The National Association of Chain Drug Stores and the National Community Pharmacists Association have praised a decision by the Mississippi Division of Medicaid to forgo proposed reimbursements cuts for pharmacy and other health care providers.


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NACDS, NCPA hail Mississippi's reversal of Medicaid cut

June 8th, 2010

ALEXANDRIA, Va. – The National Association of Chain Drug Stores and the National Community Pharmacists Association have praised a decision by the Mississippi Division of Medicaid to forgo proposed reimbursements cuts for pharmacy and other health care providers.

NACDS and NCPA said Monday that pharmacies would have been especially hard-hit under the state's plan, with their reimbursements slated to have been cut by 15%. The proposed cutbacks also would have forced many community pharmacies to limit their participation in Medicaid or exit the program, according to the associations.

Announced late last week, the reversal comes on the heels of an intense lobbying effort by the Mississippi Independent Pharmacies Association (MIPA), NACDS and NCPA noted. MIPA and NACDS filed a lawsuit, along with NCPA. Further support was provided by NCPA in an April letter to the Centers for Medicare and Medicaid Services (CMS) urging the agency to reject the proposed state plan amendment.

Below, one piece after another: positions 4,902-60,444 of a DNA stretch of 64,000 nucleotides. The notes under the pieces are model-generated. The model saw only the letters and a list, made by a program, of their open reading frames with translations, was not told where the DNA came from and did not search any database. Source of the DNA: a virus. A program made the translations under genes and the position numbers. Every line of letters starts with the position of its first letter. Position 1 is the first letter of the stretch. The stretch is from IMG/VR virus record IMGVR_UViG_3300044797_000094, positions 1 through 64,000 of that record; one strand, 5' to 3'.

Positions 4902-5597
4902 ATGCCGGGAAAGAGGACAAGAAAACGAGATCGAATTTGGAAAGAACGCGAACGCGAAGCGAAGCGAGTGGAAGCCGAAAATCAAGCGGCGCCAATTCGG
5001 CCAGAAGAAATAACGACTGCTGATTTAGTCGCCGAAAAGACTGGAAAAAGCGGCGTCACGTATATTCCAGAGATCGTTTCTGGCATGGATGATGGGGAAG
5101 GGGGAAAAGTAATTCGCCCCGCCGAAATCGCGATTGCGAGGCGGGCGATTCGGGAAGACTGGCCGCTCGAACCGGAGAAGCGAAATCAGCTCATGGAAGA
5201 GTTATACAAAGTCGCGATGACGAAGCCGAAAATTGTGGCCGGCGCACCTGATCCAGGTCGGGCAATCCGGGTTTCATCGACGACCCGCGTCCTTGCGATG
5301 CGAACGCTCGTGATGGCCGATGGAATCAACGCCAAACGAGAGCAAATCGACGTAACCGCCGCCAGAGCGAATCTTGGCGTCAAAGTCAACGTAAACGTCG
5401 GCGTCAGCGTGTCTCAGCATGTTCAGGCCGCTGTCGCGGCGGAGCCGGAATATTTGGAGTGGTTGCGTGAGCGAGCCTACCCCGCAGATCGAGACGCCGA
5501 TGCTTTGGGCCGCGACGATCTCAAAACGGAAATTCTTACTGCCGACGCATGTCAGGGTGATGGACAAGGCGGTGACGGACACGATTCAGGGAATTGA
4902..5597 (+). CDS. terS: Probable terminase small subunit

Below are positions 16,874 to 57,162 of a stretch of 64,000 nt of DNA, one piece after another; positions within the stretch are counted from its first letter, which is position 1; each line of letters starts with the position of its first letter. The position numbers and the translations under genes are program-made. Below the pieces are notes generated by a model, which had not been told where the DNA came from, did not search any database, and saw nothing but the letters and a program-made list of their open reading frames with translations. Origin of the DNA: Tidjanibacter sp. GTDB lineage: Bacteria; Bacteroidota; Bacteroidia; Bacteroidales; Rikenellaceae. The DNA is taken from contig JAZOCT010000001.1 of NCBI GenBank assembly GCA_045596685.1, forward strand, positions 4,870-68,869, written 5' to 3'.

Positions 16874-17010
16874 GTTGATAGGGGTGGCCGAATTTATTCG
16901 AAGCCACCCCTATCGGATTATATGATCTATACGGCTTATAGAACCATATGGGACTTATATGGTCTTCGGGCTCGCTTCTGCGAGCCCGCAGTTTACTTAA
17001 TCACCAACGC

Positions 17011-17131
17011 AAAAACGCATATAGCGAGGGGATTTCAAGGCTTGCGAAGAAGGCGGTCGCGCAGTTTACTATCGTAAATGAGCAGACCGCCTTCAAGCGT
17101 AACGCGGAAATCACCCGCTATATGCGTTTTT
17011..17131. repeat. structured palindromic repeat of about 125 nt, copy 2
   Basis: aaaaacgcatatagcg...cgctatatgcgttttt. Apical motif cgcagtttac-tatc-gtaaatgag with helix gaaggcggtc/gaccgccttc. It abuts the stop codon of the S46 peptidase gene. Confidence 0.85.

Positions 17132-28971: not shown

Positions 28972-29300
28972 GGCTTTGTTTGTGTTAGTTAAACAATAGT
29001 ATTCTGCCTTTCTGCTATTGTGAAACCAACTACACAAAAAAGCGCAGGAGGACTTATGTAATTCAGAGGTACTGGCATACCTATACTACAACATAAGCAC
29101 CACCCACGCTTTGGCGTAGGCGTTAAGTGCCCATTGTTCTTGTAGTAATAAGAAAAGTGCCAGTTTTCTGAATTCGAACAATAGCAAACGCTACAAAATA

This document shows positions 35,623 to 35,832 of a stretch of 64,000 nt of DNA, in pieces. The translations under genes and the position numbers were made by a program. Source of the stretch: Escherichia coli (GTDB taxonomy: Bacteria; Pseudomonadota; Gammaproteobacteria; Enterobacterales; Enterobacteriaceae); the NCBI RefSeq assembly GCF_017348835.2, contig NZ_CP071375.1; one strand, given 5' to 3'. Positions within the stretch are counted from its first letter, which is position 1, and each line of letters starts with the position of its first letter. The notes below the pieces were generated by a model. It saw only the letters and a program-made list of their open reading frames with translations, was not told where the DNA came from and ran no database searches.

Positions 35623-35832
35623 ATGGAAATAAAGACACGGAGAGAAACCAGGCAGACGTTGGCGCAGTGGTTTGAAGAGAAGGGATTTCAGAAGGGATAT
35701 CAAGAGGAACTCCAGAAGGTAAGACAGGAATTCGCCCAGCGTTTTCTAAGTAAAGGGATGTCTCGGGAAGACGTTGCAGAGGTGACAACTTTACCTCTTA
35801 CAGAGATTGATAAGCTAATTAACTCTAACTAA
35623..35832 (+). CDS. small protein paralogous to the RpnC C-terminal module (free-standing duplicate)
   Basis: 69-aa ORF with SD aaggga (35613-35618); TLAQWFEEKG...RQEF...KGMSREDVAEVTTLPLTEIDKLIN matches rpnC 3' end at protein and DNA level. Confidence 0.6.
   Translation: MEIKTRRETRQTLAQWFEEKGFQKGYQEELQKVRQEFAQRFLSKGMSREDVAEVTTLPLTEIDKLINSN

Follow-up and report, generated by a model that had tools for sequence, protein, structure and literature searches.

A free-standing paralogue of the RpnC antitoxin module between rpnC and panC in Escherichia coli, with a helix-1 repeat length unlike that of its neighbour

"The Mississippi Division of Medicaid wisely backed off draconian cuts to pharmacy reimbursements that would greatly compromise the ability of pharmacies to continue serving Medicaid patients," NACDS president and chief executive officer Steve Anderson and NCPA executive vice president and CEO Bruce Roberts said in a joint statement.

"With the ongoing struggles to emerge from a deep economic recession that has increased the Medicaid rolls across the country, any policy that undermines the health care needs of these economically disadvantaged Americans is badly timed and will ultimately cost more money in the long run," Anderson and Roberts explained. "If Medicaid patients can't get their prescription drugs from pharmacies, their health can be compromised further, and they will often seek the more expensive emergency rooms and doctor's offices as a remedy."

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